In the wars against the Taiping (1851–64), Nian (1851–68), Yunnan (1856–68) and the Northwest (1862–77), the traditional imperial troops proved themselves incompetent and the court came to rely on local armies. In 1895, China suffered another defeat during the First Sino-Japanese War. This demonstrated that traditional Chinese feudal society also needed to be modernized if the technological and commercial advancements were to succeed.
On 26 October 1895, Yeung Ku-wan and Sun Yat-sen led Zheng Shiliang and Lu Haodong to Guangzhou, preparing to capture Guangzhou in one strike. However, the details of their plans were leaked to the Qing government. The government began to arrest revolutionaries, including Lu Haodong, who was later executed. The first Guangzhou uprising was a failure.
In 1901, after the Boxer Rebellion started, Tang Caichang and Tan Sitong of the previous Foot Emancipation Society organised the Independence Army. The Independence Army Uprising was planned to occur on 23 August 1900. Their goal was to overthrow Empress Dowager Cixi to establish a constitutional monarchy under the Guangxu Emperor. Their plot was discovered by the governor general of Hunan and Hubei. About twenty conspirators were arrested and executed.
On 8 October 1900, Sun Yat-sen ordered the launch of the Huizhou Uprising. The revolutionary army was led by Zheng Shiliang and initially included 20,000 men, who fought for half a month. However, after the Japanese Prime Minister prohibited Sun Yat-sen from carrying out revolutionary activities on Taiwan, Zheng Shiliang had no choice but to order the army to disperse. This uprising therefore also failed. British soldier Rowland J. Mulkern participated in this uprising.
A very short uprising occurred from 25 to 28 January 1903, to establish a "Great Ming Heavenly kingdom". This involved Tse Tsan-tai, Li Jitang, Liang Muguang and Hong Quanfu, who formerly took part in the Jintian uprising during the Taiping Heavenly Kingdom era.
The Huaxinghui (China Revival Society) was founded in 1904 with notables like Huang Xing, Zhang Shizhao, Chen Tianhua and Song Jiaoren, along with 100 others. Their motto was "Take one province by force, and inspire the other provinces to rise up".
The Huanggang Uprising was launched on 22 May 1907, in Chaozhou. The Revolutionary party, along with Xu Xueqiu , Chen Yongpo and Yu Tongshi, launched the uprising and captured Huanggang city. Other Japanese that followed include and. After the uprising began, the Qing government quickly and forcefully suppressed it. Around 200 revolutionaries were killed.
On 2 June, Deng Zhiyu and Chen Chuan gathered some followers, and together, they seized Qing arms in the lake, 20 km (12 mi) from Huizhou. They killed several Qing soldiers and attacked Taiwei on 5 June. The Qing army fled in disorder, and the revolutionaries exploited the opportunity, capturing several towns. They defeated the Qing army once again in Bazhiyie. Many organizations voiced their support after the uprising, and the number of revolutionary forces increased to two hundred men at its height. The uprising, however, ultimately failed.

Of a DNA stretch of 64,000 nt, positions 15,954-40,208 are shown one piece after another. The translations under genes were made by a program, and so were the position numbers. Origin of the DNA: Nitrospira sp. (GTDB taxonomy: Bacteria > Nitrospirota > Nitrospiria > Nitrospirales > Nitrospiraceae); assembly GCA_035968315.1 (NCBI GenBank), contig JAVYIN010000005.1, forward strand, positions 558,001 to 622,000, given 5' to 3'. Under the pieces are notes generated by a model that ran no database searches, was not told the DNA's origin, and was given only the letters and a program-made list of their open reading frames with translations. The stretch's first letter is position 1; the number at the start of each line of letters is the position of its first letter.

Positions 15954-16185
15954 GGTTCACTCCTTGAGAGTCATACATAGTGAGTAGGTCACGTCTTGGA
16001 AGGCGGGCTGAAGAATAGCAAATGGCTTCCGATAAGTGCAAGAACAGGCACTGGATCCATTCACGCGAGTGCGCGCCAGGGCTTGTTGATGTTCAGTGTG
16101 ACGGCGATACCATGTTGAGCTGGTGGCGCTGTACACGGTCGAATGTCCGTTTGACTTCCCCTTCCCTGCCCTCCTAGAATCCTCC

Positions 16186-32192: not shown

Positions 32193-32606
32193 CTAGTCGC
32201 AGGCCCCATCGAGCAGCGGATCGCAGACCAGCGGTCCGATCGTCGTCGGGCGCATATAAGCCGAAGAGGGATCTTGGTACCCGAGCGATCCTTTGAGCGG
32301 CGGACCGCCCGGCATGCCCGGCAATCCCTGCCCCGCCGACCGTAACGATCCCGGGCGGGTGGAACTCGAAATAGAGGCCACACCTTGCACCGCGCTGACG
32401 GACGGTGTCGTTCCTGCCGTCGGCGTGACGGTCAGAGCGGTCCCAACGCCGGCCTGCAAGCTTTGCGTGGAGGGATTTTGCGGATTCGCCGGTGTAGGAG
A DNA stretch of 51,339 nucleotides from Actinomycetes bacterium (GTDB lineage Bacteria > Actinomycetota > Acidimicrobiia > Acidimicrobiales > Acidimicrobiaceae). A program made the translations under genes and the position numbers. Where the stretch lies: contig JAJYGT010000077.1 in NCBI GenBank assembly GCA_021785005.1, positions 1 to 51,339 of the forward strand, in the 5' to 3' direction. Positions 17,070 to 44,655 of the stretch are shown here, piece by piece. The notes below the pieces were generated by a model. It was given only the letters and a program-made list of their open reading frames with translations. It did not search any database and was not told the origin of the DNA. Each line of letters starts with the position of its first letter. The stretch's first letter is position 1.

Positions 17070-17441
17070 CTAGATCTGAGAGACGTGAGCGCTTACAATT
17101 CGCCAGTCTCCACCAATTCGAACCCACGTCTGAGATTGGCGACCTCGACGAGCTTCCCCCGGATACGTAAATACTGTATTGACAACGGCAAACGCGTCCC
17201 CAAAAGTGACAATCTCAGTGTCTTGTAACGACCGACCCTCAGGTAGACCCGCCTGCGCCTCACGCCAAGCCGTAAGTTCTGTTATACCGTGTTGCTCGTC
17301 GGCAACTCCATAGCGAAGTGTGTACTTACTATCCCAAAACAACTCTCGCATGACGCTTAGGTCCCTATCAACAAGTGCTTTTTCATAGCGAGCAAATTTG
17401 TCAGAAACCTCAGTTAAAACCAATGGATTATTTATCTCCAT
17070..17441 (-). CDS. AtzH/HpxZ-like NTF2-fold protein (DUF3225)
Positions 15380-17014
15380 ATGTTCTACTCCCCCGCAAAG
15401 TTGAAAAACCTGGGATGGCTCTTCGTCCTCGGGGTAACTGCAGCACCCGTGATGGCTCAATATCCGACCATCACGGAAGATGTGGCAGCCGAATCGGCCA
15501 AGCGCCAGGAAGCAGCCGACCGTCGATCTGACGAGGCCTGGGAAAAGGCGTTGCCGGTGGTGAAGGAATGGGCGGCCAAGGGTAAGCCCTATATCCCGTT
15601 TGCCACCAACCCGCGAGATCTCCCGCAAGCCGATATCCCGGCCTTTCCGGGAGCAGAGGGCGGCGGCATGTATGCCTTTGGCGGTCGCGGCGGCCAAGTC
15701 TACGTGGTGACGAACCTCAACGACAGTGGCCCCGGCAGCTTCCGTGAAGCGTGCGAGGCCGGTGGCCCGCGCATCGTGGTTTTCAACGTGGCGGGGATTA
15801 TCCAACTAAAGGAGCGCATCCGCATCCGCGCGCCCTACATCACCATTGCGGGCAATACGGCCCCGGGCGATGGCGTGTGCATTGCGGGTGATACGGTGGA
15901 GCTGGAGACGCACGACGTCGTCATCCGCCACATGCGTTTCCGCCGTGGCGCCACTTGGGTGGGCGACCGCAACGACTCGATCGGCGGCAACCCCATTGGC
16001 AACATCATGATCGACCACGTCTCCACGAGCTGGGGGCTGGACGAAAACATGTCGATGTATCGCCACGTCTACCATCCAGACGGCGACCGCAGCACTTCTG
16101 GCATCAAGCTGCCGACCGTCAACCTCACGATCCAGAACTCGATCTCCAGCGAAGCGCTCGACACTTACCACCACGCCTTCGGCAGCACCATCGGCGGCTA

On 6 July 1907, Xu Xilin of Guangfuhui led an uprising in Anqing, Anhui, which became known as the Anqing Uprising. Xu Xilin at the time was the police commissioner as well as the supervisor of the police academy. He led an uprising that was to assassinate the provincial governor of Anhui, En Ming. They were defeated after four hours of fighting. Xu was captured, and En Ming's bodyguards cut out his heart and liver and ate them. His cousin Qiu Jin was executed a few days later.
On 1 December 1907, the Zhennanguan Uprising took place at Zhennanguan, a pass on the Chinese-Vietnamese border. Sun Yat-sen sent Huang Mintang to monitor the pass, which was guarded by a fort. With the assistance of supporters among the fort's defenders, the revolutionaries captured the cannon tower in Zhennanguan. Sun Yat-sen, Huang Xing and Hu Hanmin personally went to the tower to command the battle. The Qing government sent troops led by Long Jiguang and Lu Rongting to counterattack, and the revolutionaries were forced to retreat into the mountainous areas. After the failure of this uprising, Sun was forced to move to Singapore due to anti-Sun sentiments within the revolutionary groups. He would not return to the mainland until after the Wuchang Uprising.
On 27 March 1908, Huang Xing launched a raid, later known as the Qin-lian Uprising, from a base in Vietnam and attacked the cities of Qinzhou and Lianzhou in Guangdong. The struggle continued for fourteen days but was forced to terminate after the revolutionaries ran out of supplies.